A few days later, Afghan President Ashraf Ghani nominated two hard-line anti-Taliban officials as his defense and interior ministers, suggesting a move away from his compromising tone of the past year.

The festivities that greeted the June cease-fire revealed broad support for peace, and there are signs that the war’s core protagonists are open to a settlement. But that was always an uncertain bet. Trump’s decision has only added to the uncertainty.

3. U.S.-Chinese Tensions
Associated Press/Andy Wong

The standoff between China and the United States is not a deadly conflict, no matter how bitter the trade war between Washington and Beijing has become.

Still, rhetoric between the two is increasingly bellicose. If relations, already at their lowest ebb since the Tiananmen protests almost three decades ago, continue to deteriorate, the rivalry could have graver geopolitical consequences than all of the other crises listed this year.

In a deeply divided Washington, one position that wins bipartisan consensus is that China is an adversary with which the United States is inexorably locked in strategic competition.

Most U.S. policymakers concur that Beijing has exploited institutions and rules to its own end—joining the World Trade Organization or signing up to the U.N. Convention on the Law of the Sea, for example, even as it acts inconsistently with the spirit of both. President Xi Jinping’s ending of term limits, rapid expansion of China’s military, and extension of the Communist Party’s control across state and society confirm to many in Washington the dangerous turn the country has taken under his stewardship.

The U.S. government’s 2018 National Defense Strategy cites ‘inter-state strategic competition’ as its primary concern, with China and Russia named as primary competitors, after many years in which terrorism took the top spot.

Heightening the sense of lawlessness is Beijing’s unjust detention of three Canadians—including one of my colleagues, the Northeast Asia expert Michael Kovrig—widely seen as a tit for tat for Canada’s arrest of Huawei executive Meng Wanzhou, wanted for Iran sanctions violations by the United States, with which Canada has an extradition treaty.

In reality, China likely has no short-term desire to fundamentally challenge the world order. Nor will it match Washington’s global clout anytime soon, provided the Trump administration takes steps to stop hemorrhaging allies and credibility.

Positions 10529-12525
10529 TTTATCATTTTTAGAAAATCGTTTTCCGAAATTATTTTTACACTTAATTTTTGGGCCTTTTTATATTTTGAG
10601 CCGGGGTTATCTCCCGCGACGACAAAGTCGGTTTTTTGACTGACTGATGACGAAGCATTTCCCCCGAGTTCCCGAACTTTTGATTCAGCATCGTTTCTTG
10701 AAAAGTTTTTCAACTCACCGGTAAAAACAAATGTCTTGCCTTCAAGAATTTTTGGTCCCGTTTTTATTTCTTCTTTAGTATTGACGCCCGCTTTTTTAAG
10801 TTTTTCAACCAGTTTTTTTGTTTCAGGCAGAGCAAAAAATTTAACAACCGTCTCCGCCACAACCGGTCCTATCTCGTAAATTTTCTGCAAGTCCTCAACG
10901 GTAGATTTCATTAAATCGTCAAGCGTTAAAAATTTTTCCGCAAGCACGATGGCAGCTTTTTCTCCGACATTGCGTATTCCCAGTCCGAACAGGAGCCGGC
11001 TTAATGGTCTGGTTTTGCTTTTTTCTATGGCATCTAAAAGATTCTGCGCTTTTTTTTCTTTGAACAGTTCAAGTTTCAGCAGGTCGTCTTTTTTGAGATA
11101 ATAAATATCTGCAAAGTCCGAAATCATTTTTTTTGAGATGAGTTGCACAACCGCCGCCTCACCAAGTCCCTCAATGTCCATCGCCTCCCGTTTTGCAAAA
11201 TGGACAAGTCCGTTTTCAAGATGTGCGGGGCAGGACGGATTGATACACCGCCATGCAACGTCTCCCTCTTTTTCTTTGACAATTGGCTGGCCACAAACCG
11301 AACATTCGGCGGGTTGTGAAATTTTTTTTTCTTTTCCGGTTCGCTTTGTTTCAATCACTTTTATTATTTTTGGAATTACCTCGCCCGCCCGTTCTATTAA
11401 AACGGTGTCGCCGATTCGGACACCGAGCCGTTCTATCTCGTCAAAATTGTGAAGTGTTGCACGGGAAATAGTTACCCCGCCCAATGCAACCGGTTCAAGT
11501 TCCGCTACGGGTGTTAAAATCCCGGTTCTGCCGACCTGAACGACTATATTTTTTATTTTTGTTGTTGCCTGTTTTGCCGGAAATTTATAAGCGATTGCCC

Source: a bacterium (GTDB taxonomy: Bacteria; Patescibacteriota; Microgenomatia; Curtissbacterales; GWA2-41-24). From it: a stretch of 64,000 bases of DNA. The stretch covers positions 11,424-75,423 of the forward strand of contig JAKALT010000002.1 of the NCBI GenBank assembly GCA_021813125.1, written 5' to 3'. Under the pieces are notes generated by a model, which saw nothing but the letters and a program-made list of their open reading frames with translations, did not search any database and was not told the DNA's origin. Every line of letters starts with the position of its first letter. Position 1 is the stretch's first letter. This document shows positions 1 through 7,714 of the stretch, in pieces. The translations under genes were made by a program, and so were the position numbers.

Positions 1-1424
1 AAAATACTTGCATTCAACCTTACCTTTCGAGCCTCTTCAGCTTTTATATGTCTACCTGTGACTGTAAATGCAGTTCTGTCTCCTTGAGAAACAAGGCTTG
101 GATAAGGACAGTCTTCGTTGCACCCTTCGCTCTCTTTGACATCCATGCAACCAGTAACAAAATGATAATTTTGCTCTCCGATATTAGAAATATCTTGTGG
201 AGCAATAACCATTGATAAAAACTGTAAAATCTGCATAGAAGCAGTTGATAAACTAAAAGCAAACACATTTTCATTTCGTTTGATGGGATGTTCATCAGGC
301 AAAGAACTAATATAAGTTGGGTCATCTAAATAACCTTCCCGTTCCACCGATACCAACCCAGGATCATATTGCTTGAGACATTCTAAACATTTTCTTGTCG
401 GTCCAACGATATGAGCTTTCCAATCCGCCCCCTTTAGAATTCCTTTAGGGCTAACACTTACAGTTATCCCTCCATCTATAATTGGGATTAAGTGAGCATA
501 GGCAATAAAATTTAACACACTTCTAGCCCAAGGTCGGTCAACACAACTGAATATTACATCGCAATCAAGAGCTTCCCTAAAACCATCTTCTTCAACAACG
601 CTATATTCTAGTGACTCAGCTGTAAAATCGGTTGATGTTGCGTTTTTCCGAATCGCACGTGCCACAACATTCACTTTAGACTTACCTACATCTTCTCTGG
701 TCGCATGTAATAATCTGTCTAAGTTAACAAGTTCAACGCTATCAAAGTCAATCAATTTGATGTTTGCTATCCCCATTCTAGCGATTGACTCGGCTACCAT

But Beijing is ever readier to throw its weight around in multilateral institutions and its region. In Asia, it expects a Chinese sphere in which neighbors are sovereign but deferential. U.S. policymakers mostly regard such an arrangement as inimical to U.S. alliances and interests.

Mounting U.S.-Chinese tension has implications for conflicts in Asia and beyond. For the two superpowers, pooling efforts to end crises has never been easy. An increasingly bitter rivalry would make it much harder. China would be less likely to back either tougher sanctions against North Korea, if stuttering talks between Washington and Pyongyang break down, or U.S. diplomatic efforts in Afghanistan.

Risks of direct conflict remain slim, but the South China Sea is a troubling flash point.

The past two decades have seen occasional run-ins between Chinese forces and U.S. planes. Beijing stakes claim to 90 percent of the South China Sea, stopping mere miles from the Vietnamese, Malaysian, and Philippine coastlines, and has aggressively built bases on strategic natural and man-made islands.

From Beijing’s perspective, such maneuvers are standard operating procedure for what Xi calls a “big country.”

China wants what the United States has: pliant neighbors, influence around its periphery, and the capacity to control its sea approaches and transport lanes.

Others, of course, see it differently. The smaller Southeast Asian nations object, and some look to Washington for protection.

Beijing and Washington could reach some form of trade deal in the months ahead, which would help ease tensions. But any respite is likely to be short-lived. On both sides, leaders believe a long-festering geopolitical and economic clash has reached a point of rupture.

See the rest of the story at Business Insider